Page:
Ray took the CPT again in his sophomore year and failed. “My score decreased,” he said. “I was angry with the world but mostly at myself. I told my parents. They seemed concerned but didn’t worry too much because they knew I was an honor student and a hard fighter.”

After trying several interventions — CPT tutorials, reading tutoring before and after school, reading across the curriculum strategies, and vocabulary workbooks — Ray took a CPT summer prep class. On the final day, he took the CPT and failed. “This was the first time in my life I knew how it felt to be depressed,” he said.

Shortly after that, Ray decided to transfer to Anson High School. “I told a teacher that I was leaving, because I couldn’t take the pressure anymore,” he said. “She pulled me aside and explained to me that life wasn’t supposed to be an easy ride, and that some things take a little longer to achieve and the reward would be great if I just put a little more effort into the task at hand.”

Ray’s teachers, counselor and friends all offered to help in any way they could to encourage him to stay and keep trying.

The Fast ForWord Program

That fall, during the 2007-08 school year, the Anson County School District launched the Fast ForWord program. ACECHS implemented the Fast ForWord reading intervention software for its third and fourth year students who had not yet made the required CPT score.

“One day, a few classmates and I were pulled into a room and introduced to the Fast ForWord program by Principal Davis,” said Ray. “We all sat there, hanging on every word. When she asked if we wanted to participate, everyone was excited and agreed to the challenge. I believe I was the very first one to say, ‘Yes!’”

Ray and his fellow students worked on the Fast ForWord software 40 minutes a day, five days a week. The software’s intensive, adaptive exercises develop and strengthen memory, attention, processing rate, and sequencing — cognitive skills essential for learning and reading success. The strengthening of these skills results in a wide range of improved critical language and reading skills necessary to become a better reader.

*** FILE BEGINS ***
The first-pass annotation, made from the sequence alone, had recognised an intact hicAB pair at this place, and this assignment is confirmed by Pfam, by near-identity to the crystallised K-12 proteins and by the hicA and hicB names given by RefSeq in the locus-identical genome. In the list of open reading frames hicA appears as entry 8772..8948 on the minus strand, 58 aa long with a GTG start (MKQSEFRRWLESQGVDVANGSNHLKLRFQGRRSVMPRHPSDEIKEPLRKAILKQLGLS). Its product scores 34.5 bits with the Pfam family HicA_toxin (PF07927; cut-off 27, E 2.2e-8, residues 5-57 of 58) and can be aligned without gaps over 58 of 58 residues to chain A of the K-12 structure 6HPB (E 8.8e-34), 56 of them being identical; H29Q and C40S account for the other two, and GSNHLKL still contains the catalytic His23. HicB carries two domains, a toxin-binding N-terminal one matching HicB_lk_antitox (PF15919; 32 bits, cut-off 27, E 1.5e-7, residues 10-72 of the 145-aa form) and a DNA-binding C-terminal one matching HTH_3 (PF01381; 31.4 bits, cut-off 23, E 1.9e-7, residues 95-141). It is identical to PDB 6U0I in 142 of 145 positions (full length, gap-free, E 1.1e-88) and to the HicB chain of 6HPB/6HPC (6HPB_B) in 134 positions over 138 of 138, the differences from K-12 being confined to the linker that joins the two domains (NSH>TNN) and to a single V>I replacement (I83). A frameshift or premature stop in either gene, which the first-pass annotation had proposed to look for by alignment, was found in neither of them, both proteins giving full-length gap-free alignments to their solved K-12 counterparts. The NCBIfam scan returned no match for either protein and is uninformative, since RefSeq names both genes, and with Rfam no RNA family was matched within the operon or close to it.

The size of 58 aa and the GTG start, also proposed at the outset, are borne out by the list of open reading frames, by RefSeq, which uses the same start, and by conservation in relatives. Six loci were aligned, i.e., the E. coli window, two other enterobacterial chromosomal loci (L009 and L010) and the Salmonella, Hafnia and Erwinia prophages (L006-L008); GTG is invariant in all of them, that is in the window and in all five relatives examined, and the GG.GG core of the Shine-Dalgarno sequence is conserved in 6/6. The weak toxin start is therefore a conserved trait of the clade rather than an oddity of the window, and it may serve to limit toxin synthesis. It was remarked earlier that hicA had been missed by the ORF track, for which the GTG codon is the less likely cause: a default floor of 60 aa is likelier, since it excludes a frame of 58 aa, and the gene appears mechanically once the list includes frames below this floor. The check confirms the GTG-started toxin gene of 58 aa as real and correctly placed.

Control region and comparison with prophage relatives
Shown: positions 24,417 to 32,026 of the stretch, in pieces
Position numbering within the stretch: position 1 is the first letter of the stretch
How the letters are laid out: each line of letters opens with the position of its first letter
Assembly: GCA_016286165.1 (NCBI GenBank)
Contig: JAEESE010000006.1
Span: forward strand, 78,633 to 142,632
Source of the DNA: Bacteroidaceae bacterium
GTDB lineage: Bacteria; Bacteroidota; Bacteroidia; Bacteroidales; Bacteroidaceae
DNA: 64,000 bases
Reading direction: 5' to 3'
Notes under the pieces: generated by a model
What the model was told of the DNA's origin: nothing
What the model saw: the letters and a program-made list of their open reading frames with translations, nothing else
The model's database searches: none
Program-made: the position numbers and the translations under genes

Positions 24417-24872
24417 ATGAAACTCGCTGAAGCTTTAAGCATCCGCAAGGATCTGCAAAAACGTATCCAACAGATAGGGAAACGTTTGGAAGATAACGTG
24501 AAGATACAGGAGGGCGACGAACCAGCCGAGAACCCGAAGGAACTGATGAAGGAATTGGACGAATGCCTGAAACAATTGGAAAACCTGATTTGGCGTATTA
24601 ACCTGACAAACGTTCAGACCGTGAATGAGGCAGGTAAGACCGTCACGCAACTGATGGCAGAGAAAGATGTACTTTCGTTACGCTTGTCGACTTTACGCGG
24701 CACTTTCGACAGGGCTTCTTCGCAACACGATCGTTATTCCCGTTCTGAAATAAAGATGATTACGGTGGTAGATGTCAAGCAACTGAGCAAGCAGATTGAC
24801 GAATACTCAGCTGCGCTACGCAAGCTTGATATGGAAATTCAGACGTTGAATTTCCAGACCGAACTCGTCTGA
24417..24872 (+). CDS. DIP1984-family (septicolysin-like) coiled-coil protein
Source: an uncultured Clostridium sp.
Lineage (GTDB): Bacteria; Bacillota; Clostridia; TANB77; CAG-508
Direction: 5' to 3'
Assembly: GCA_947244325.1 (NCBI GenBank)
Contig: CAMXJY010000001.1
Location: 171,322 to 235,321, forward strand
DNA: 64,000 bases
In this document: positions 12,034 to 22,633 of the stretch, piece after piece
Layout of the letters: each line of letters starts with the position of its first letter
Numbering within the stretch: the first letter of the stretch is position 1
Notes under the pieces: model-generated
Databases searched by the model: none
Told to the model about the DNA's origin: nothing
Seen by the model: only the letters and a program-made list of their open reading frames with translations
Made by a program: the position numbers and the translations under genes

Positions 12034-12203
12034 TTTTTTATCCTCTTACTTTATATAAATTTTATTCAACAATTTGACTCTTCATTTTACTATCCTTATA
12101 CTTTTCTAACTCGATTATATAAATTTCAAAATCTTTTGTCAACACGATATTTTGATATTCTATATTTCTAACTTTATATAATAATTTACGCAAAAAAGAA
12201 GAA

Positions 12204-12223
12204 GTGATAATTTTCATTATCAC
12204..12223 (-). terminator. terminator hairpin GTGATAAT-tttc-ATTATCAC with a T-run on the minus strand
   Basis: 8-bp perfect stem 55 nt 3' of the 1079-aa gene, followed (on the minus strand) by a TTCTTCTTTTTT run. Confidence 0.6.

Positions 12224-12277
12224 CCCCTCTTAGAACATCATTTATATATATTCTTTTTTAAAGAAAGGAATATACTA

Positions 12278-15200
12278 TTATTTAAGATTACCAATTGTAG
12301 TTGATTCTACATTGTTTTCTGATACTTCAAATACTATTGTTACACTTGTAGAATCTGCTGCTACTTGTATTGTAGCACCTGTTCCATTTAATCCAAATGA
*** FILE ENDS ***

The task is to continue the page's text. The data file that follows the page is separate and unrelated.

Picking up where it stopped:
“I enjoyed the Fast ForWord program,” Ray said. “I started to comprehend what I was reading.”

After 10 weeks, Ray walked to the testing center, excited about the CPT. “Once I finished, I had a huge smile on my face,” he said. “Needing an 80 to pass, I knew I had scored high enough. I clicked the score button and the computer said 77. My mouth dropped and my eyes filled with water, but I didn’t cry. I was proud of myself. I had scored double what I had the last time, which made me happy.”

When Ray returned to school, staff and students were waiting. “All I could do was shake my head no. But when I told them my score, they were happy with my improvement,” he said.

Later that day, Ray was offered a re-test. “I was in a separate room this time where I could concentrate more,” he said. “I took the test. It was a piece of cake. I passed with an 80 flat. The testing coordinator jumped for joy as I showed her the test score. I ran back to the school and announced to my friends and teachers, and it was an unforgettably happy day. I talked to Principal Davis and we discussed how rigorous the challenge was for me and how we were both happy I didn’t give up.”